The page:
Mantua

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Mantua

(măn`cho͞oə, –to͞oə), Ital. Mantova, city (1991 pop. 53,065), capital of Mantova prov., Lombardy, N Italy, bordered on three sides by lakes formed by the Mincio River. It is an agricultural, industrial, and tourist center. Manufactures include machinery, metals, furniture, and refined petroleum. Originally an Etruscan settlement, Mantua was later a Roman town and afterward a free commune (12th–13th cent.). It flourished under the GonzagaGonzaga
, Italian princely house that ruled Mantua (1328–1708), Montferrat (1536–1708), and Guastalla (1539–1746). The family name is derived from the castle of Gonzaga, a village near Mantua.
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 family (1328–1708), who were magnificent patrons of the arts. Mantua passed to Austria in 1708, was taken by Napoleon I in 1797, was retaken by Austria in 1815, and was returned to Italy in 1866. The Gonzaga palace (13th–18th cent.), among the largest and finest in Europe, has frescoes by Mantegna and Giulio Romano and numerous other works of art. Other landmarks include the Palazzo del Te (1525–35); the Church of Sant' Andrea (15th–18th cent.), designed by Alberti, where Mantegna is buried; and the law courts (13th cent.).

Mantua

 

(also Mantova), a city in Northern Italy, in Lombardy. It is located on an island in a lake-like widening of the Mincio River, near its confluence with the Po. It is the capital of the province of Mantua. Population, 65,900 (1971); river port and railroad junction. Industrial activities include oil refining and the production of petrochemicals. Other important products are agricultural machinery, ceramics, paper, furniture, silk, and sugar.

Mantua, which was founded by the Etruscans, is the site of the Accademia Virgiliana (Vergilian Academy of Arts and Sciences). Nearby is the little town of Pietole (known in ancient times as Andes), which is considered to be the birthplace of Vergil. During the 15th and 16th centuries, Mantua was one of the centers of the Italian Renaissance. Between 1628 and 1631 a war was fought for the territory of Mantua and Montferrat.

Mantua has many noteworthy medieval architectural monuments. On the Piazza delle Erbe are located the Rotunda di San Lorenzo (11th century), the Palazzo della Ragione (1250), and the Palazzo Broletto (1227-73). The Piazza Sordello is the site of the Palazzo Bonacolsi (13th century) and the cathedral (rebuilt in 1545 by Giulio Romano). Also in Mantua are the Palazzo Ducale complex, which is now a museum (1290-1708; including the apartments of Isabella d’Este, 16th century), and the Castle of St. George (1395-1406, architect Bartolino Ploti da Novara; including the Camera degli Sposi with frescoes by Mantegna, 1474). Renaissance churches in the city include San Sebastiano (1460) and Sant’ Andrea (1472-94), which were both designed by L. B. Alberti and executed by the architect L. Fancelli. There are several buildings by Giulio Romano in Mantua, including the Palazzo di Giustizia (1530) and the Palazzo del Te (1525-34). Another noteworthy building in the city is the Palazzo del Accademia Virgiliana (facade by architect G. Piermarini, 1773).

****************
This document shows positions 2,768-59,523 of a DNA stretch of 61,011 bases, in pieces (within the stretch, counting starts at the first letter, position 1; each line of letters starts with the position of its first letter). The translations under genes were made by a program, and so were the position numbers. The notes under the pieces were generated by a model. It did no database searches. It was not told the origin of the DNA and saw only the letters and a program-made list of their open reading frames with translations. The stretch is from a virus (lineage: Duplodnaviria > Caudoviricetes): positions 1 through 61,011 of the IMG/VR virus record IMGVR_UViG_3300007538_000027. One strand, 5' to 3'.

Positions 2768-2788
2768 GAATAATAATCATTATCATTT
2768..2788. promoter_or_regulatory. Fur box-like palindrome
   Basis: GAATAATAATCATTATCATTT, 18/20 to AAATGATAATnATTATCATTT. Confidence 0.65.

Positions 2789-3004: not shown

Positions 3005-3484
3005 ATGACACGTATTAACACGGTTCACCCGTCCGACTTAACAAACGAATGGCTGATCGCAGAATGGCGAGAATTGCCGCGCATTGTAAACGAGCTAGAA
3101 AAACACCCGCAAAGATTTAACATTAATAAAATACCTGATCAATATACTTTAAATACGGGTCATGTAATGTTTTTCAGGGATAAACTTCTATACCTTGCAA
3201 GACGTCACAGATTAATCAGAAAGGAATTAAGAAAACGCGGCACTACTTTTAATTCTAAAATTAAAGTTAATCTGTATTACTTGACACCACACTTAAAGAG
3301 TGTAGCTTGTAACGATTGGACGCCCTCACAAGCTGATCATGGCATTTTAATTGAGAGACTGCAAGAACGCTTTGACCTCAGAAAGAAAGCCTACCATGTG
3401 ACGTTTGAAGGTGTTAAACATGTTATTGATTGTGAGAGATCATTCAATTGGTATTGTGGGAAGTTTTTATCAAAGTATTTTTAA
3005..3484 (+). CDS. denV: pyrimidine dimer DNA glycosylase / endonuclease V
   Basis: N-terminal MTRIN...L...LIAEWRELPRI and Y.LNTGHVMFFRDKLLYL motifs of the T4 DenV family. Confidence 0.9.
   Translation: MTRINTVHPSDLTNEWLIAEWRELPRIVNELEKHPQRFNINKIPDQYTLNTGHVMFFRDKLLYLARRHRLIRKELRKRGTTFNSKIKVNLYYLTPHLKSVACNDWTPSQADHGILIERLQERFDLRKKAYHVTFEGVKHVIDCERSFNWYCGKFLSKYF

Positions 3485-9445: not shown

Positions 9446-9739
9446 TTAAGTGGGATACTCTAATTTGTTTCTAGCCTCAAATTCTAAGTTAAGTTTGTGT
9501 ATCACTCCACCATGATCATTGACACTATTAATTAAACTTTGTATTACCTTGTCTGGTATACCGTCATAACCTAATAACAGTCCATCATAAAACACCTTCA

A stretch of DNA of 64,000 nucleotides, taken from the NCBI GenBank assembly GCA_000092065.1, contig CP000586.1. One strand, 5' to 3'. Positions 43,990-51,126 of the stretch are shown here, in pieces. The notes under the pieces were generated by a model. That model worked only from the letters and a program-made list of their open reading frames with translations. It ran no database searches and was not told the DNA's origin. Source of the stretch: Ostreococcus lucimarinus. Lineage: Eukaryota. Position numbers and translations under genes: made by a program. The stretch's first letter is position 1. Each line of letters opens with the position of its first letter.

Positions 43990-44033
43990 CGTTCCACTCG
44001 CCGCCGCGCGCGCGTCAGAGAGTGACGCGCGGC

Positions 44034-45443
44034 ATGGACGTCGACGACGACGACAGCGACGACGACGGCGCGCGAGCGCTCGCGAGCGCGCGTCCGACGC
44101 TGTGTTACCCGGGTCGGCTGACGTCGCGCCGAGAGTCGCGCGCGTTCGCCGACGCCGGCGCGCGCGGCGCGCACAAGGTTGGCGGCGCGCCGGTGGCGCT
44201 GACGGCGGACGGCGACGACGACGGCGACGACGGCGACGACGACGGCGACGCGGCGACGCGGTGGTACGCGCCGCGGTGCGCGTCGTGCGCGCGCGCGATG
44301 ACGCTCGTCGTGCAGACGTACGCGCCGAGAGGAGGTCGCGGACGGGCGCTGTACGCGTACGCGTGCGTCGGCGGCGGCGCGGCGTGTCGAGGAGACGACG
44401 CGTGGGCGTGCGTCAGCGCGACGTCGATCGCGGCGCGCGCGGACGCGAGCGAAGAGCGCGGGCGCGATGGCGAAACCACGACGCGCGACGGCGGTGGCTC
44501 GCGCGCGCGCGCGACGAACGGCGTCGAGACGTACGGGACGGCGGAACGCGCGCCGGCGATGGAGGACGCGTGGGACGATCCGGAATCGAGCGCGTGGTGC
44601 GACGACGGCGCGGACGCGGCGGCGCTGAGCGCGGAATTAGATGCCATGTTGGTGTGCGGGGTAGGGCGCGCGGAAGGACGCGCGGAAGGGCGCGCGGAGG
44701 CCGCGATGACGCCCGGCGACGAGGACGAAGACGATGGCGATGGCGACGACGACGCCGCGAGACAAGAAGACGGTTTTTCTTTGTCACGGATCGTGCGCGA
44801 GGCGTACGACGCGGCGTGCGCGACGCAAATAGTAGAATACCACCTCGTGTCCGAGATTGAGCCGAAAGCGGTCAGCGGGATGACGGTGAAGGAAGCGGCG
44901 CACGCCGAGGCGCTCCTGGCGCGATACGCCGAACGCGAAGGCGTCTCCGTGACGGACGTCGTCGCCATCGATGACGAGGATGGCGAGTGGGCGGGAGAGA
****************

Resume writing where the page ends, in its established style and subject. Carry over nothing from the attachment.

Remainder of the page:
REFERENCE

Mantova: La storia, le lettere, le arti, vols. 1-9. Mantua, 1958-65.

Mantua

a city in N Italy, in E Lombardy, surrounded by lakes: birthplace of Virgil. Pop.: 47 790 (2001)
References in periodicals archive ?
An open-minded but conservative intellectual among his peers and friends with the spirituali who looked aside as Bernardino Ochino fled Italy, he nevertheless reformed the Mantuan diocese with an eye to maintaining decorum and social order and brooked no tolerance of Lutheran discussions among his flock.
AH, good old Mantuan, I may speak of thee as the traveller doth of Venice: Venetia, Venetia, Chi non ti vedo, non ti pretia.
In the novel Jasmine Belart is the female counterpart of Celestino Lometto, a Mantuan parvenu industrialist and producer of pantyhose.
Virgil's page / Or claim the Muses with the Mantuan Sage" (Wheatley 10) - two references to Virgil (Oxford Classical Dictionary 936) - while in "A Hymn to the Morning" she invokes Calliope, the muse of epic poetry (Wheatley 56).
The historical Sordello, for example, was born in a small village near Mantua, a fact that did not prevent Dante's Sordello from embracing Virgil as a fellow Mantuan.
Brown, "A Ferrarese Lady and a Mantuan Marchesa: The Art and Antiquities Collections of Isabella d'Este Gonzaga (1474-1539)," 53-7, in Cynthia Lawrence, ed.
Sotheby's 8 December Old Master Sculpture and Works of Art sale unveils a 16th-century gilded and silvered bronze figure of a seated nymph only recently identified as the work of the famous Mantuan goldsmith and sculptor known as Antico.
Given Lorenzo de Medici's involvement with Florentine religious orders, Bregoli Russo suggests questions about the influence of members of these orders, who were associated with other courts in Italy, for example Fra Filippo Lapaccini and Gentile Becchi, both with Mantuan connections.
As for the intercession of the Mantuan court, by November 1584 Angelo Grillo wrote Tasso a letter mentioning his hope that Duchess Leonora and her son Vincenzo, along with Duchess Lucrezia of Urbino, might aid in Tasso's release--and Tasso's first three letters back to him all emphasized Leonora.
Talbot defends the decision to take this approach at the beginning of the first section on the individual works in the Mantuan cantatas.
The Friar and the unnamed Mantuan apothecary in Romeo and Juliet represent two historical moments in this transformation, and their juxtaposition underscores Shakespeare's skeptical attitude toward both drug cultures.
Nuptial Voices: The Power of Song in the 1608 Mantuan Wedding Festivities.